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Title:Parallel Circuit Simulation Techniques for a Hierarchical Machine
Author(s):Hung, Gih-Guang
Doctoral Committee Chair(s):Gallivan, Kyle A.; Saleh, Resve A.
Department / Program:Electrical Engineering
Discipline:Electrical Engineering
Degree Granting Institution:University of Illinois at Urbana-Champaign
Degree:Ph.D.
Genre:Dissertation
Subject(s):Engineering, Electronics and Electrical
Computer Science
Abstract:Circuit simulation remains an indispensable tool in the CAD community and is used widely to verify circuit functionality and to generate detailed timing information. As circuit designers push the limits on chip density and complexity, more powerful parallel processing resources and more efficient techniques are needed to speed up the simulation process. This dissertation addresses some general issues in parallel circuit simulation and investigates a variety of classical algorithms on the Cedar multiprocessor. Unfortunately, the range of behavior observed for these algorithms applied to various types of circuits is considerable. In an attempt to combine the advantages of several well-established algorithms, a hierarchical framework called CedarSim is proposed. This framework uses a hierarchical relaxation approach and allows different combinations of algorithms to be used at different levels. The objective is to allow each subcircuit to be solved using the most appropriate technique. This flexibility makes it possible to switch between standard and hierarchical algorithms to adapt to varying conditions. The proper functioning of this framework also hinges on appropriate circuit partitioning and effective algorithm selection, which are major research topics by themselves. This dissertation shows that, given proper mechanisms for these two tasks, CedarSim can deliver reasonable performance. This framework can also adapt to poor partitioning by using hierarchical relaxation and aggressive latency exploitation in several algorithms. Performance evaluation tools and techniques are used extensively to understand the behavior of the algorithms and the architecture and to study the interactions between various performance issues. Observations on the strengths and weaknesses of machines such as Cedar are also made. The knowledge acquired in this work also serves as a guideline for a more ambitious goal of developing a portable parallel circuit simulator.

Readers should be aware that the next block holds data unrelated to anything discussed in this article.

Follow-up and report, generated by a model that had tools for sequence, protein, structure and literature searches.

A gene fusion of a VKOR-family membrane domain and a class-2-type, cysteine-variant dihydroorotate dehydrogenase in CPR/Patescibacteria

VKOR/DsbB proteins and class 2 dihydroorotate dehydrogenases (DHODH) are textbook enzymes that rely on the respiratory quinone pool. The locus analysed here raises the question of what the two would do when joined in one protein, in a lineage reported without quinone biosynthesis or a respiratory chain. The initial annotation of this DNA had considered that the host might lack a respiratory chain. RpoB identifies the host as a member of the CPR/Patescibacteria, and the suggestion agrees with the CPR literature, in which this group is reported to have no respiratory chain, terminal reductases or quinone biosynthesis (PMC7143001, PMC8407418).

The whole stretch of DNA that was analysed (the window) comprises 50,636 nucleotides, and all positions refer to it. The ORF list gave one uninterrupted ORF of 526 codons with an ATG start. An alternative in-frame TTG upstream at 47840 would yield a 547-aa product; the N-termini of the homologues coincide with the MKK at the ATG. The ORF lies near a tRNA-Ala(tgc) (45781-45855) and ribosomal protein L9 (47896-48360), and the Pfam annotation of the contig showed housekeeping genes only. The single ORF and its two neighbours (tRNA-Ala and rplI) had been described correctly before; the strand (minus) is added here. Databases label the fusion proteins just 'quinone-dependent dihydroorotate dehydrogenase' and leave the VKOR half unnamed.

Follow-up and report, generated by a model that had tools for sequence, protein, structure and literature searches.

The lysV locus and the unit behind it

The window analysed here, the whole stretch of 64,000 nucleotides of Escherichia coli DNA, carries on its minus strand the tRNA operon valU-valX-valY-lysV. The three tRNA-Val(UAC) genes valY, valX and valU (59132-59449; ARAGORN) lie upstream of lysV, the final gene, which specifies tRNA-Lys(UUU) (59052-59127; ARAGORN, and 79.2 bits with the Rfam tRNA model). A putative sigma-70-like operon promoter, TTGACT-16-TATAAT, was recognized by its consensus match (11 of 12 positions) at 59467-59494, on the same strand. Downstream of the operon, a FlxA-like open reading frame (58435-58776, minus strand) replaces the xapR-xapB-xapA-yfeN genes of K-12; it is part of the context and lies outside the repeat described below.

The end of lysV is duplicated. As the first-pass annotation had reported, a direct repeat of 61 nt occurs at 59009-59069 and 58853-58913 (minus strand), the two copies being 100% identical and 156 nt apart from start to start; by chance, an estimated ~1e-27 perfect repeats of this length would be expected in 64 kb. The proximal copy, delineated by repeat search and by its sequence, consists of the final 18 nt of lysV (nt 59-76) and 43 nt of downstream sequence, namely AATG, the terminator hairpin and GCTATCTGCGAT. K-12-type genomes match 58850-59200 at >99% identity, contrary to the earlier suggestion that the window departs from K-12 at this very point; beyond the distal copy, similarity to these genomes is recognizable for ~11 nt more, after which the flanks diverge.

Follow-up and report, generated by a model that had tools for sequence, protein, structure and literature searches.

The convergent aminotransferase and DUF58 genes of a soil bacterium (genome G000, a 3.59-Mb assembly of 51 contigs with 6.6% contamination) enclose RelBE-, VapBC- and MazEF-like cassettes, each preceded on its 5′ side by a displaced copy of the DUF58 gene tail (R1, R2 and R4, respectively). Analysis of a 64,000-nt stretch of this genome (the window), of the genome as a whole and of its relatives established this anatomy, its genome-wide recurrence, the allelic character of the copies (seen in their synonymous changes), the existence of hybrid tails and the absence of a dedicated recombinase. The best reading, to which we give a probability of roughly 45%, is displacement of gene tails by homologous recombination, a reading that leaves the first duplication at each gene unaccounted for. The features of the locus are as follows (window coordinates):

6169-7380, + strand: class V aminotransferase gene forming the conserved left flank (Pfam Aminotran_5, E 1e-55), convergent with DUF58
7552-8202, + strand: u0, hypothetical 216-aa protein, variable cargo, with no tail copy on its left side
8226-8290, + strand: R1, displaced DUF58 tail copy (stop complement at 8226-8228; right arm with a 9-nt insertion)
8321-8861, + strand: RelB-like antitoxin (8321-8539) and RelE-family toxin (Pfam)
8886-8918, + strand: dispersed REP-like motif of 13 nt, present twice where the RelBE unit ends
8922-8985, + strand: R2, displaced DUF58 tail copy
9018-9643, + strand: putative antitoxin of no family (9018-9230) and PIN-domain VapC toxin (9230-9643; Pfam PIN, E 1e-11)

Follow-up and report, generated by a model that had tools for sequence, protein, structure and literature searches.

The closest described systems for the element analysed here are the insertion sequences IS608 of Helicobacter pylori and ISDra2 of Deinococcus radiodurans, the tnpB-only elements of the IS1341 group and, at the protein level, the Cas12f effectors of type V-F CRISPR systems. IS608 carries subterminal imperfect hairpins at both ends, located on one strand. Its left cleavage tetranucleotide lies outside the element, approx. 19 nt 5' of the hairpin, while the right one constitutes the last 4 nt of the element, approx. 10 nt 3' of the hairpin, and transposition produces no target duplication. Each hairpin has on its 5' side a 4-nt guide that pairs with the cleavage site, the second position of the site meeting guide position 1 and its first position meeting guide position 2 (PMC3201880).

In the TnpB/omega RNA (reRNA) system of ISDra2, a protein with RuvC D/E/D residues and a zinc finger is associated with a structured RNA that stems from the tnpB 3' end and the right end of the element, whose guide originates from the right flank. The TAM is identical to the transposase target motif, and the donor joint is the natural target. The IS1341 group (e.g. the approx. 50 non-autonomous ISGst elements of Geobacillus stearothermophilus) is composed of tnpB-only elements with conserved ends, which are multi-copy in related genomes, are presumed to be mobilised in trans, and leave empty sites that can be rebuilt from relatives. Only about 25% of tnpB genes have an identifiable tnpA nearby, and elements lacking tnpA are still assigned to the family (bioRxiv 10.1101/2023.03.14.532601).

Issue Date:1993
Type:Text
Description:211 p.
Thesis (Ph.D.)--University of Illinois at Urbana-Champaign, 1993.
URI:http://hdl.handle.net/2142/72012
Other Identifier(s):(UMI)AAI9411660
Date Available in IDEALS:2014-12-16
Date Deposited:1993


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